Michael Cohen’s lawyers ask for no prison time for their client in sentencing memo
NEW YORK — Michael Cohen has asked a US judge for no prison time, citing, as he reveals in a new court filing, more details about his conversations with then-candidate Donald Trump about plans for a Trump Tower in Moscow.
Cohen’s attorneys argued that his cooperation with multiple investigations, including the special counsel’s Russia probe, and the impact and suffering on Cohen and his family merits avoiding jail. But the filing late Friday night goes even further in tying the President to Cohen’s actions.
The new filing suggests in the clearest language yet the extent to which Cohen kept Trump informed of his efforts to move the project to build a Trump Tower in Moscow forward well into June 2016, including consideration of a trip to Moscow that summer, while Trump was moving closer to becoming the presumptive nominee for the Republican Party.
“In fact, Michael had a lengthy substantive conversation with the personal assistant to a Kremlin official following his outreach in January 2016, engaged in additional communications concerning the project as late as June 2016, and kept Client-1 apprised of these communications,” the lawyers wrote. Trump is referred to as “Client-1” throughout the filing.
On Friday morning, Trump defended his business dealings in a tweet, saying his dealings during the campaign were “very legal and very cool.”
Cohen pleaded guilty on Thursday to lying to Congress about plans to develop Trump Tower in Moscow when he told lawmakers they had ended in January 2016 and the extent of his conversations with the president, but he did not provide a lot of detail about those discussions in court.
The details were part of a sentencing memo filed with the federal court in Manhattan, where Cohen will be sentenced on December 12 in two separate criminal cases. In addition to admitting he lied to Congress, Cohen pleaded guilty to eight criminal charges brought on by the US Attorney’s Office for the Southern District of New York in August, including tax fraud, making false statements to a bank and campaign finance violations relating to hush-money payments made to women alleging affairs with Trump. As part of his plea deal with the US attorney’s office, Cohen faces 46 to 62 months in prison.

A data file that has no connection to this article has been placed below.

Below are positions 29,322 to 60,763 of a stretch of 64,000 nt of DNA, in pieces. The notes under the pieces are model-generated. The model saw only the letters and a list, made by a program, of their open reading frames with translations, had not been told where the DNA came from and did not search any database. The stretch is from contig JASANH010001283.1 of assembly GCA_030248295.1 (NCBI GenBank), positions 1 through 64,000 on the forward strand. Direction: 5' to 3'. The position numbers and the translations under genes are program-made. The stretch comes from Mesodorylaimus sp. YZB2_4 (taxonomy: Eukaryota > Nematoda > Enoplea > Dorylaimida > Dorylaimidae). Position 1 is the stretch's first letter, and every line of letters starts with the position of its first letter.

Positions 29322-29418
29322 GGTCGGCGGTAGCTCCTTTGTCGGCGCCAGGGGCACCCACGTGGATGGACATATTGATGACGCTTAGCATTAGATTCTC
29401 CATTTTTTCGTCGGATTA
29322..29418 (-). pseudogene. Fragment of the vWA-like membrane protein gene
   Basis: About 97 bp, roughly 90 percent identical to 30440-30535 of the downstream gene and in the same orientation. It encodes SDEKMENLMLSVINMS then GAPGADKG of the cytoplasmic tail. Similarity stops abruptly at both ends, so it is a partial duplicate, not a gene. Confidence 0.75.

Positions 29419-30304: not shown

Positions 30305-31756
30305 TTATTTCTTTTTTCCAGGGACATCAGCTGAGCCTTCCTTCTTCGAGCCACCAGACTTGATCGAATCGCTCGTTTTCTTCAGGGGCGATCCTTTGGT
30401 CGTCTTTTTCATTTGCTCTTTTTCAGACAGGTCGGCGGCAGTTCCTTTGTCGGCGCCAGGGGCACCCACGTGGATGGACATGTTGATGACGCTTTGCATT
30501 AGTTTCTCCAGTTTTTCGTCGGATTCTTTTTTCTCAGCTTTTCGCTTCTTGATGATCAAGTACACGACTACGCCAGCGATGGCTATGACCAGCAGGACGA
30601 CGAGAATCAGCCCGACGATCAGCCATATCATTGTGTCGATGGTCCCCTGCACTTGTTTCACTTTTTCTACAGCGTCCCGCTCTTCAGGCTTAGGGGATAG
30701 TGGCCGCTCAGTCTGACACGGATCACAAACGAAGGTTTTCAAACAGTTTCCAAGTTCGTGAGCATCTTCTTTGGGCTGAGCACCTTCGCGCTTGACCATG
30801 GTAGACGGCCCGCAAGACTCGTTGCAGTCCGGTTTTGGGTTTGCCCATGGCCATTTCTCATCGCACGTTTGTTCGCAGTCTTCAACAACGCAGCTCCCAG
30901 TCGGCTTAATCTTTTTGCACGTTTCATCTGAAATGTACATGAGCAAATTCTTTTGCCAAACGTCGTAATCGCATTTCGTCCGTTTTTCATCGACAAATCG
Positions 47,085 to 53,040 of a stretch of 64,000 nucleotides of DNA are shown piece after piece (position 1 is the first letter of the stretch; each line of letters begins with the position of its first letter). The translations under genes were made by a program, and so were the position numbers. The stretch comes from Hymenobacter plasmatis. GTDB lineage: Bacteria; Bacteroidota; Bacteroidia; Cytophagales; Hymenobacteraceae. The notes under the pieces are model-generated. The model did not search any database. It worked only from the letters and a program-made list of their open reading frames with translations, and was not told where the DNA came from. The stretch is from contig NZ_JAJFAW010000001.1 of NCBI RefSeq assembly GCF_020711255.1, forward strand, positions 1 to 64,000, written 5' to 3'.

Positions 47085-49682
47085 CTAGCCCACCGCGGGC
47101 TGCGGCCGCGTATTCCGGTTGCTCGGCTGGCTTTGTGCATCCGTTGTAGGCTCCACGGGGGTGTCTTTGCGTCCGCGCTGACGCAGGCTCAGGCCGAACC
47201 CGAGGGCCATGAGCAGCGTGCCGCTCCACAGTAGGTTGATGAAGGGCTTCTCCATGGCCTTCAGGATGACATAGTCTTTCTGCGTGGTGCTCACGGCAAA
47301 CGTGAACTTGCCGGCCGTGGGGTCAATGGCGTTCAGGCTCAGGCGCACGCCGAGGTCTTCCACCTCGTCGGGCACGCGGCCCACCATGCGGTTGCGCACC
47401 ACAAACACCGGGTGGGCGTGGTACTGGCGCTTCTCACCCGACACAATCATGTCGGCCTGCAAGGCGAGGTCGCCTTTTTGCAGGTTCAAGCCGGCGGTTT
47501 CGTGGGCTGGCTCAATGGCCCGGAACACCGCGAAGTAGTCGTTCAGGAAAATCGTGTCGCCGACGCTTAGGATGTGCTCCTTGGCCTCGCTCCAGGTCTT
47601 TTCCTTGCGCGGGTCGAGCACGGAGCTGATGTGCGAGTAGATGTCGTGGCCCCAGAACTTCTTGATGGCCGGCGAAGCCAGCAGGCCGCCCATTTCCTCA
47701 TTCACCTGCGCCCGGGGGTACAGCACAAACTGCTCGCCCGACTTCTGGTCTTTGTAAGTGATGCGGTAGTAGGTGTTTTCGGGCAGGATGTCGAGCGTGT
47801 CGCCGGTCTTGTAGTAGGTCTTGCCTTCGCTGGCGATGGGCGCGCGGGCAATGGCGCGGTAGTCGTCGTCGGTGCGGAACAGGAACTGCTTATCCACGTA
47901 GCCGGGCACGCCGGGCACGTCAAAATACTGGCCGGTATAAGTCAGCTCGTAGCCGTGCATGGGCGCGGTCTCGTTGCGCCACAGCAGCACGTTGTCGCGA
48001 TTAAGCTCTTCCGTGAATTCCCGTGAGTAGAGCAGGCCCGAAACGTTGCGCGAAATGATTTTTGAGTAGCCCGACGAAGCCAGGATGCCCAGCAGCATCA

Cohen’s lawyers Guy Petrillo and Amy Lester asked for the cases to be consolidated so Cohen could be sentenced for all of his crimes at once. They’re also seeking leniency for Cohen, saying that he has cooperated extensively, amid intense public pressure from Trump, who has called the investigation a “witch hunt,” and will agree to cooperate in the future.
In the filing, his attorneys write that Cohen has had seven voluntary interviews with the special counsel and continues to make himself available as needed. Cohen’s attorneys said he declined a traditional cooperation agreement because he wanted to be sentenced as scheduled so he can “begin his life virtually anew.”
They said Cohen is also cooperating with prosecutors from the US attorney’s office “concerning an ongoing investigation,” the New York state attorney general’s office’s civil lawsuit against the Trump Foundation and state tax authorities. CNN has previously reported that Cohen met with representatives of these offices.
His lawyers note that Cohen’s legal problems aren’t over and he “will be named in a parallel tax case brought by New York State.” The filing does not provide further details.
Cohen, his lawyers say, committed the campaign finance violations and lied to Congress out of his loyalty to Trump and to stay on message even while he was preparing for his 2017 testimony to Congress.
“In the weeks during which his then-counsel prepared his written response to the Congressional Committees, Michael remained in close and regular contact with White House-based staff and legal counsel to Client-1,” the filing says. At the time, Cohen’s then attorney had a joint defense agreement with Trump’s legal team.
The filing doesn’t go so far as to say there was coordination between Trump’s legal team and Cohen on what Cohen would tell Congress, but it says the campaign finance and false statement allegations are addressed together “because both arose from Michael’s fierce loyalty to Client-1. In each case, the conduct was intended to benefit Client-1, in accordance with Client-1’s directives.”
In Cohen’s cooperation agreement with the special counsel’s office, it notes that Cohen will not be prosecuted for “obstructing” or conspiring to obstruct or commit perjury “before congressional or grand jury investigations.”
Cohen’s sentencing submission also describes how Cohen’s life changed following the April FBI raid on his home, office and hotel room.
“Nearly every professional and commercial relationship that he enjoyed, and a number of long standing friendships have vanished,” it reads.
Cohen, the filing says, could have “continued to hold the party line, positioning himself perhaps for a pardon or clemency,” but instead, “he took responsibility for his own wrongdoing and contributed and is prepared to continue to contribute to an investigation that he views as “thoroughly legitimate and vital.”
Cohen, the lawyers argue, should be commended for his cooperation “in the context of this raw, full-bore attack by the most powerful person in the United States.”
The government will file their response to the submission next week.